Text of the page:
Protect your online business with these 5 updates to your Terms of Service

Picture of Deryck Jordan

Deryck Jordan

Deryck is admitted as an Attorney at Law in New York and Berlin.

To protect your business, the Terms of Service of your website (or mobile app) must address all relevant aspects of your marketing strategy. But which aspects are relevant? Over the last year, courts have shed light on this question and—in the process—have exposed five blunders you may have to fix in your Terms of Service.


Last month Tel Aviv joined the ranks of cities around the world (including Sydney, Melbourne, Augsburg and Bodegraven) that have installed traffic signals directly into sidewalks in an effort to reduce the number of smartphone zombie (smombie) accidents. In America, the city of Honolulu approached the underlying problem from a different angle by making it illegal for pedestrians to cross a street while looking at smartphone screens. Moreover, a recently proposed settlement for a Pokémon Go class action lawsuit signals that companies that commercialize mobile apps may be liable for the actions of their customers.

  • TIP 1: Is it foreseeable that your customers will harm themselves (or others) by recklessly using your app as they wander outdoors? If so, update your Terms of Service with wording that discourages dangerously distractive use of your app.


Pay special attention to the wording of your online platform’s opinions, estimates, appraisals and subjective valuations. In a February 2019 legal decision, an appeals court found that Zillow’s use of “Zestimates” on their website did not constitute an unfair or misleading trade practice because Zestimates are only opinions. If Zillow’s home valuations were instead construed as statements of fact, that company could have faced more legal jeopardy.

  • TIP 2: If your marketing materials contain statements that can be misconstrued as fact instead of opinion, clarify that distinction in your Terms of Service.


How do the users of your website or app accept your Terms of Service? Implied consent by further scrolling is not sufficient! In a June 2018 legal decision, an appeals court ruled that the Terms and Conditions in Uber’s app were not reasonably communicated to the app’s users since those customers could use the app without expressly approving the Terms. As a result of that decision, Uber lost the right to compel enforcement of one of the Terms’ clauses in litigation against a group of customers.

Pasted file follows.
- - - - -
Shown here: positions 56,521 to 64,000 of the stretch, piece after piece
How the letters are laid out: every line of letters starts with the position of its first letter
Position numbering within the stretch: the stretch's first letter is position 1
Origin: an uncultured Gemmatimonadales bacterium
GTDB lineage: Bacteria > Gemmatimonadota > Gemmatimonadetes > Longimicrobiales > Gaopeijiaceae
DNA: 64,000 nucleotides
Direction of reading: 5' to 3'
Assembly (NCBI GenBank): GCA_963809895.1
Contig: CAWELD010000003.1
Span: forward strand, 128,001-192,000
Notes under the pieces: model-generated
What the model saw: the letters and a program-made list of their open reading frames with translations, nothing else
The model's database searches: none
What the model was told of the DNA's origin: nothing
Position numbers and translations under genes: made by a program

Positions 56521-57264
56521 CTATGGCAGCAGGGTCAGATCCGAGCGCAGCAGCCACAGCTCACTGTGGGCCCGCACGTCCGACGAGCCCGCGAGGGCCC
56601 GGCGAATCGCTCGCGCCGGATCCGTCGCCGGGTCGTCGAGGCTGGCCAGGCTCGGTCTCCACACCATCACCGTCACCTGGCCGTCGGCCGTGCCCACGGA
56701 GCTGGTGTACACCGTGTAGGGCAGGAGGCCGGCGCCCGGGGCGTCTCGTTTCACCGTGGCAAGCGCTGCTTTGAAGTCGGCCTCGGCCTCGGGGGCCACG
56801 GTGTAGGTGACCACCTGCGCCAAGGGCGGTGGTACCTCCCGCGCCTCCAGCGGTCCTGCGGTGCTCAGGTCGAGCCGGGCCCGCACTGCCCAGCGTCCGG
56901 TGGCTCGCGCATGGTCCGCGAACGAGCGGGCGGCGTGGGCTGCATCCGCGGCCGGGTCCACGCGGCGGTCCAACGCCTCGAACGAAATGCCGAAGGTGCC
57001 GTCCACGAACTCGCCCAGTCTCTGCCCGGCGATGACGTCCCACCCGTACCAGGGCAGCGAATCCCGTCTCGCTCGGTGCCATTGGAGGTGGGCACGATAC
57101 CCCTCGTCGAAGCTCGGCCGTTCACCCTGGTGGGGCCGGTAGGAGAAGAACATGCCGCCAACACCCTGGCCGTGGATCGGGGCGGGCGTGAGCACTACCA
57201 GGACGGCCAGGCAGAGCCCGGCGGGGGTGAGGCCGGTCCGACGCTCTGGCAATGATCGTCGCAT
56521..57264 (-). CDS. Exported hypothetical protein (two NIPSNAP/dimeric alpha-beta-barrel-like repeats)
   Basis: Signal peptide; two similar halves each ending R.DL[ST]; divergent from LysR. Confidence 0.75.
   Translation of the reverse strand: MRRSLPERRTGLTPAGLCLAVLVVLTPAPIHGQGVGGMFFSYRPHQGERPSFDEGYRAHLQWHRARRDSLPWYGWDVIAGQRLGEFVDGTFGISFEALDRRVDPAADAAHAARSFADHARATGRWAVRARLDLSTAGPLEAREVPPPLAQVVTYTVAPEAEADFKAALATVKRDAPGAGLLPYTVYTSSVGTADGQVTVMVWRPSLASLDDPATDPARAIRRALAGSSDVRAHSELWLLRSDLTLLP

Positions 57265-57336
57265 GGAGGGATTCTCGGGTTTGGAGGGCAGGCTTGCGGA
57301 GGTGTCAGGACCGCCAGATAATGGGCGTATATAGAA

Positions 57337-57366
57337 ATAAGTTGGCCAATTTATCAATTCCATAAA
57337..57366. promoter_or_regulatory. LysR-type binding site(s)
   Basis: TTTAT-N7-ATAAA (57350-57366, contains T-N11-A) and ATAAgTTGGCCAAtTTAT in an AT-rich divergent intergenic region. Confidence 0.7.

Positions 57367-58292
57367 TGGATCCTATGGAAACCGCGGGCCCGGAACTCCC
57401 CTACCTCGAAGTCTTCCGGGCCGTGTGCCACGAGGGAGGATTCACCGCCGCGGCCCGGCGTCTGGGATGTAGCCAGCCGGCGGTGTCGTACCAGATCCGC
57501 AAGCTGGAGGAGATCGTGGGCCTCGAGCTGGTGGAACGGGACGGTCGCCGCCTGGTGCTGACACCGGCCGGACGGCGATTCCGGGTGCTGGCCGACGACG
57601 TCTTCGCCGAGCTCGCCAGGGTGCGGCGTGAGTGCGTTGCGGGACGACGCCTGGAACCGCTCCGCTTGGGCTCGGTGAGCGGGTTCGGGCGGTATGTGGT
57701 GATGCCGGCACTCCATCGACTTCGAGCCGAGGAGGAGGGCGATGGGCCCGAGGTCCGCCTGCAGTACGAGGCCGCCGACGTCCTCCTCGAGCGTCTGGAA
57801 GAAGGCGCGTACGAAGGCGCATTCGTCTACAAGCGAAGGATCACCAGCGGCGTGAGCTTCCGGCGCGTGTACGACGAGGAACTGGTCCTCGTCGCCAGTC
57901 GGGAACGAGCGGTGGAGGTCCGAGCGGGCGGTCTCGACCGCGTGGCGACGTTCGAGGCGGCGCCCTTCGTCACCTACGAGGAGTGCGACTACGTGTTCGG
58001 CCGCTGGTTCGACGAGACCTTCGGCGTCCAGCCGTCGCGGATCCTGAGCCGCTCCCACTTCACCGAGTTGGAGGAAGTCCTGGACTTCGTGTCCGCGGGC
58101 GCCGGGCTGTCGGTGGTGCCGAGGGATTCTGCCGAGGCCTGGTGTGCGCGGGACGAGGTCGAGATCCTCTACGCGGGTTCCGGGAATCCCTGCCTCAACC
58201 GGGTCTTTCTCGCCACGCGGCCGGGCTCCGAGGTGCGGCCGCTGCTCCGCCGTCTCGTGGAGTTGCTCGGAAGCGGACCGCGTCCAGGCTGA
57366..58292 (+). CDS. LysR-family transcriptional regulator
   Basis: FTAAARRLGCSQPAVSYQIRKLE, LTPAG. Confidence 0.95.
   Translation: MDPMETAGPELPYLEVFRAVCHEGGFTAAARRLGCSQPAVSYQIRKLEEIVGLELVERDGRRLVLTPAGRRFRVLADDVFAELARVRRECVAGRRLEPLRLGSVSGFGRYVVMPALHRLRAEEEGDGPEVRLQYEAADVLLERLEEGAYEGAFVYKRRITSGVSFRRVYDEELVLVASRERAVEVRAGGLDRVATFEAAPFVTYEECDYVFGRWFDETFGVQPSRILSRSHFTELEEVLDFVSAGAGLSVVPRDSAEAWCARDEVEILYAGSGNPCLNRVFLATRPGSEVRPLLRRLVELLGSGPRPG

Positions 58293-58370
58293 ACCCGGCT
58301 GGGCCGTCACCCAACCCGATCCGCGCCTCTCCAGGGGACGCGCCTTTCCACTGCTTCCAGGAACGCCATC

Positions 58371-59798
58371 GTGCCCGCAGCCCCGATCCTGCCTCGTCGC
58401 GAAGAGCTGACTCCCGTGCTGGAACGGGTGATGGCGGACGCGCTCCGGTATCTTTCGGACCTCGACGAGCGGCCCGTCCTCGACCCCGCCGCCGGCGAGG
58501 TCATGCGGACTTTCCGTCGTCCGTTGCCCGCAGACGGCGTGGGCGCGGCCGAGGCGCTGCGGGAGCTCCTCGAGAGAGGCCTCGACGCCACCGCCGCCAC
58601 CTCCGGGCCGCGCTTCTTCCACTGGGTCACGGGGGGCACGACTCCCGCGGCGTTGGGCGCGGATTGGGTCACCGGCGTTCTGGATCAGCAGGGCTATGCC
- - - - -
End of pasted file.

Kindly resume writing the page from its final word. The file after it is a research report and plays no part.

• TIP 3: Be certain that your online platform’s Terms of Service are reasonably communicated to your customers by giving them an opportunity to read and expressly accept the Terms before finalization of their online transaction.


Online promotions often use “negative option continuity plans,” which involve an initial trial period at a discounted price (or free), followed by a period wherein customers receive recurring shipments at higher rates. When worded properly, such plans are perfectly legal. However, if your Terms of Service are not drafted properly, the Federal Trade Commission (FTC) may file charges against your company for “illegal negative option marketing,” as it did in a complaint filed two months ago against an online technical support company. In another recent case, the nutritional supplement marketer NutraClick settled a lawsuit brought by the FTC that claimed NutraClick promoted “free” samples of their products to their customers and then violated the law by charging those customers a recurring monthly fee without the customers’ consent.

  • TIP 4: If your sales model includes a negative option continuity plan, be sure your app (or website) and Terms of Service are configured to do all of the following:
    • Clearly and conspicuously disclose all material terms of the transaction before getting your customers’ billing information
    • Get your customers’ express informed consent before charging their accounts (as described above in TIP 3)
    • Offer simple ways for your customers to cancel the plan and stop the recurring charges.


Your guarantee should not inadvertently promise the sun, moon and stars. In an April 2018 legal decision, an appeals court found that the mere use of the word “guarantee” on did not give rise to a broad warranty since the site clearly described the limitations in scope of the disputed guarantees.

  • TIP 5: If you offer a guarantee in your Terms of Service, be absolutely certain it:
    • Clearly conveys your desired limitation in scope
    • Cannot be misinterpreted or misconstrued to cover additional assurances.

In general, remember the key to creating strong Terms of Service: transparency. Provide your customers with enough information to enable them to make informed decisions (and safely cross the road).

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